Wilson says inflation is another battle as owners try and keep costs down.
Foodstuffs last week extended its price rollback on 110 of the most purchased grocery items for a further three months. The 10 per cent price reduction was first implemented in May in response to food price inflation.
"Fundamentally we are out here trying to run community-led businesses, look after our teams as best as we can and be involved with the community as much as possible. A lot of the press has been pointing to us as if we walk around and intentionally raise prices just to make more money. That is absolutely not the case. We are here trying to do the best thing every day with prices."
From North to South, here are 25 of the top individual supermarket owner operators in New Zealand.
Todd and Lillian Leathem
Like many successful Foodstuffs owner-operators Todd Leathem learnt the grocery trade pushing trolleys as a young boy. He and Lillian owned New World Regent in Whangarei until stepping up to the big time in 2017 with their purchase of the city's Pak'nSave store. The couple were among the first grocers to offer customers incentives for bringing reusable shopping bags when the industry began the transition away from plastic. The Leathems are keen supporters of local sporting clubs, including a sponsorship at Sherwood Park Golf Club.
Eric and Raina Rush
New World, Regent Whangarei
Well known for his exploits for the All Blacks sevens and 15-a-side teams, Eric Rush is also a dab hand and fast mover in the supermarket trade. Kaeo-born Rush, who captained the New Zealand Rugby Sevens team to six consecutive world titles, graduated from the University of Auckland with a Bachelor of Law in 1988. After eight years in the corporate world, he started in the supermarket industry in 2008. Rush initially worked at Manukau's Pak 'n Save as the chilled foods manager before being accepted on to New World's trainee operator programme in 2009. He became an approved owner-operator in February 2010 and later that year he bought his first store, New World Browns Bay. In 2014 he purchased New World Kaikohe, and then in 2017 he and his wife Raina took over New World Regent from the Leathems.
Jason And Kim Witehira
Jason Witehira's supermarket journey started stacking produce as a 16-year-old school leaver at New World Edmond Road in Rotorua back in 1984. Fourteen years later, after working for more than a dozen different stores across the North Island, he became an owner, acquiring New World Taumarunui. In 2001, Jason and his wife, Kimiora, bought the New World at Botany Town Centre. Then, in 2010, he took over the bustling New World Victoria Park, near Auckland's CBD. The couple now own the giant Pak'nSave Albany store – one of the country's biggest and most lucrative. In a promotional video interview, Witehira described how he fell into the food industry, leaving school at 16 and accepting a job ad for a produce worker. "I got the job and really liked it. I liked dealing with people, the customers and workmates and at the end of the school holidays I asked mum and dad if I could leave school," he said.
Quintin and Kimberley Proctor
Pak'nSave Wairau Park
Quintin Proctor started out stacking shelves as a teenager and worked his way to the top - taking ownership of the 4900sq m Wairau Park Pak'nSave on Auckland's North Shore, one of the biggest supermarkets in the country. He remembers being "scoffed at" by his teachers for leaving school to work in a supermarket. But he took the opportunity to do a butchery apprenticeship and worked his way up from there. Beginning in Hamilton he eventually took ownership positions, becoming head of New World Milford and then Pak'n'Save Kaitaia.He was 38 when he took on the bustling Wairau Park Pak'nSave store. "My parents were not wealthy so I had to literally start from scratch and worked my way up. It has been quite a journey for me and my family," he told the North Shore News in 2009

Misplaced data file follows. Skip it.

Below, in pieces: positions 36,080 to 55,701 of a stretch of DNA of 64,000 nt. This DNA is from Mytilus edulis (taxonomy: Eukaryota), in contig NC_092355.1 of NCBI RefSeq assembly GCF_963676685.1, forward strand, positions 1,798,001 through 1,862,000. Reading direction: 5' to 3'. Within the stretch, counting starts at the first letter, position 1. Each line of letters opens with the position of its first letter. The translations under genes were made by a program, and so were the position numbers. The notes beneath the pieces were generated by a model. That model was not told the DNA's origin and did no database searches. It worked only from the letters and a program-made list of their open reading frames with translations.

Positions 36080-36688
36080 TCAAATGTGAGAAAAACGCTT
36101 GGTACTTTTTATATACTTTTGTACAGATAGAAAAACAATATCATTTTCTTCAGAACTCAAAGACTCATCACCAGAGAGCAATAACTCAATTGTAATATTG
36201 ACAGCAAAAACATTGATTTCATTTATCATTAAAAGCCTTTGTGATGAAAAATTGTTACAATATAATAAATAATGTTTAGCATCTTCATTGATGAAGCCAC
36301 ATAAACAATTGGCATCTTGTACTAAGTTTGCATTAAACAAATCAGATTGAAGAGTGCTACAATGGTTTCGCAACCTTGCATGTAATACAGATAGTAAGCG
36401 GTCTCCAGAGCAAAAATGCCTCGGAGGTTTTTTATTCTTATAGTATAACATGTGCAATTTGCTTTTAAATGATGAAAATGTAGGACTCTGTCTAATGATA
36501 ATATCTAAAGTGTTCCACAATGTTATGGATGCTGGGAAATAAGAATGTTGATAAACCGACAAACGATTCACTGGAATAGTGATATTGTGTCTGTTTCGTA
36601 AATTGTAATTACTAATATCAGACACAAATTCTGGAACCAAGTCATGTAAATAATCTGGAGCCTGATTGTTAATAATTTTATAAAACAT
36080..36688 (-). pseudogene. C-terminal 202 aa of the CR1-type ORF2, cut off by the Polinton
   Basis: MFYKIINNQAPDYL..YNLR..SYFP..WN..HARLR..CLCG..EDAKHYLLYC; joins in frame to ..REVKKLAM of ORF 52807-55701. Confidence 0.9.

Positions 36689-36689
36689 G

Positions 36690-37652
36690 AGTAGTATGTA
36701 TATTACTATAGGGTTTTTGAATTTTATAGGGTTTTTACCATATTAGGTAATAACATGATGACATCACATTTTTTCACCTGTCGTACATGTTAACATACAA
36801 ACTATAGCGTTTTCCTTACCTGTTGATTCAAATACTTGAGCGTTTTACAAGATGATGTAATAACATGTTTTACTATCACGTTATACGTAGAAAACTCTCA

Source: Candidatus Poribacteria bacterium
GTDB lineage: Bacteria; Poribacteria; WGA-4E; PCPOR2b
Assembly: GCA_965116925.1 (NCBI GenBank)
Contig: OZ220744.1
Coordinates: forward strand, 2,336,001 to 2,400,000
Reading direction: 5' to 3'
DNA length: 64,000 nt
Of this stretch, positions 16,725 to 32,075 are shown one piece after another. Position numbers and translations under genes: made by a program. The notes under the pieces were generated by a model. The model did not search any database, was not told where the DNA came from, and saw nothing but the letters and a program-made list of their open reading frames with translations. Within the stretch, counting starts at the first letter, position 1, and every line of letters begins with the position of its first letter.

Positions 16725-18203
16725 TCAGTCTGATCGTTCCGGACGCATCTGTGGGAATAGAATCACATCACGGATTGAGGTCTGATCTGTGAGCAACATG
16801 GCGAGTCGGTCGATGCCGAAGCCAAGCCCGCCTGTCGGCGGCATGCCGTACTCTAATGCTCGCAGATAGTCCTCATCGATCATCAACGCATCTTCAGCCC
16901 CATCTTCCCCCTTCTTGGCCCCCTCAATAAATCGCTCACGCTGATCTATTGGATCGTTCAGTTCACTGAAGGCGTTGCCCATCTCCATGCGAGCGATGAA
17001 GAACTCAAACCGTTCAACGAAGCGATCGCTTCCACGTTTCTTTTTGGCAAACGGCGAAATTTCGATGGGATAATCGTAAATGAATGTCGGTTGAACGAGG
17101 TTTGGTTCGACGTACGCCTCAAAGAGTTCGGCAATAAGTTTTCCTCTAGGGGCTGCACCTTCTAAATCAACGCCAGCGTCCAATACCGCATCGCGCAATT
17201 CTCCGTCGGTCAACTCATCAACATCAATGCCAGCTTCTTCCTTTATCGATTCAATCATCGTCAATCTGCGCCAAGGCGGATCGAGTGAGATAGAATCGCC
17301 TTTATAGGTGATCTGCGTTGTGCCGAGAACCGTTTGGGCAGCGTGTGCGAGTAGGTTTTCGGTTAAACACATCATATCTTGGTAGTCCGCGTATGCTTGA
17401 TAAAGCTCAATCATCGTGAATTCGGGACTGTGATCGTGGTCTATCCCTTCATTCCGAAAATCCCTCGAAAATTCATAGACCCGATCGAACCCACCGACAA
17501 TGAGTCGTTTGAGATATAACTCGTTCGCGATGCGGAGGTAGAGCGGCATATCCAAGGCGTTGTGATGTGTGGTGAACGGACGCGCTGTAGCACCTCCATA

Russ Wilkinson is a third-generation grocer who cut his teeth bagging spuds and helping with packing and deliveries when he was just seven years old. His father Colin ran a small grocery shop in Kaikohe which was passed down from his father. In 1983 Russ became the founding owner of KeriKere New World, which he would operate for 26 years (he once employed a young Jason Witehira, after pulling him aside and telling him to get a haircut). "I have loved this job," Wilkinson told the Bay Chronicle in 2009, when he sold his KeriKeri store. "The people factor is the big thing. It's walking in and seeing all those smiles and trying to spark them all up to have a good day. There's something different every day," he says. Wilkinson now owns Pak'nSave Botany, which he revamped in 2019. Upgrades include 18 new checkouts and seven self-service checkouts.
Clark & Anne-Marie Abel
Clark and Anne-Marie Abel keep a low profile but are active in the community where they own and operate Pak'nSave Papakura. The store was built in 2011 and opened by former Auckland Mayor Len Brown in November that year. It's massive 6,210m2 space includes a mezzanine floor, while outside has 265 car parking spaces. It was one of the first Foodstuffs stores in New Zealand to start using a fully electric, and completely silent, Nissan e-NV200 delivery van.
Craig and Kathryn McKeown*
Pak'nSave Sylvia Park
Craig McKeown is one of the new breed of Foodstuffs owner-operators. Serving on the board of Foodstuffs NI from March 2014 to August 2021, McKeown was chosen as the pilot operator for the conversion of Gilmours stores to the owner-operator model. He owned Gilmours North Shore for more than six years, before taking ownership of Pak'n Save Sylvia Park in August 2015. Prior to joining Foodstuffs he held senior management positions in a number of large retail organisations throughout Australasia. Craig has an MBA from Auckland University and a Masters of Enterprise from Melbourne University. He and his wife Kathryn live in St Heliers. * It is understood the McKeowns no longer own Pak'nSave Sylvia Park.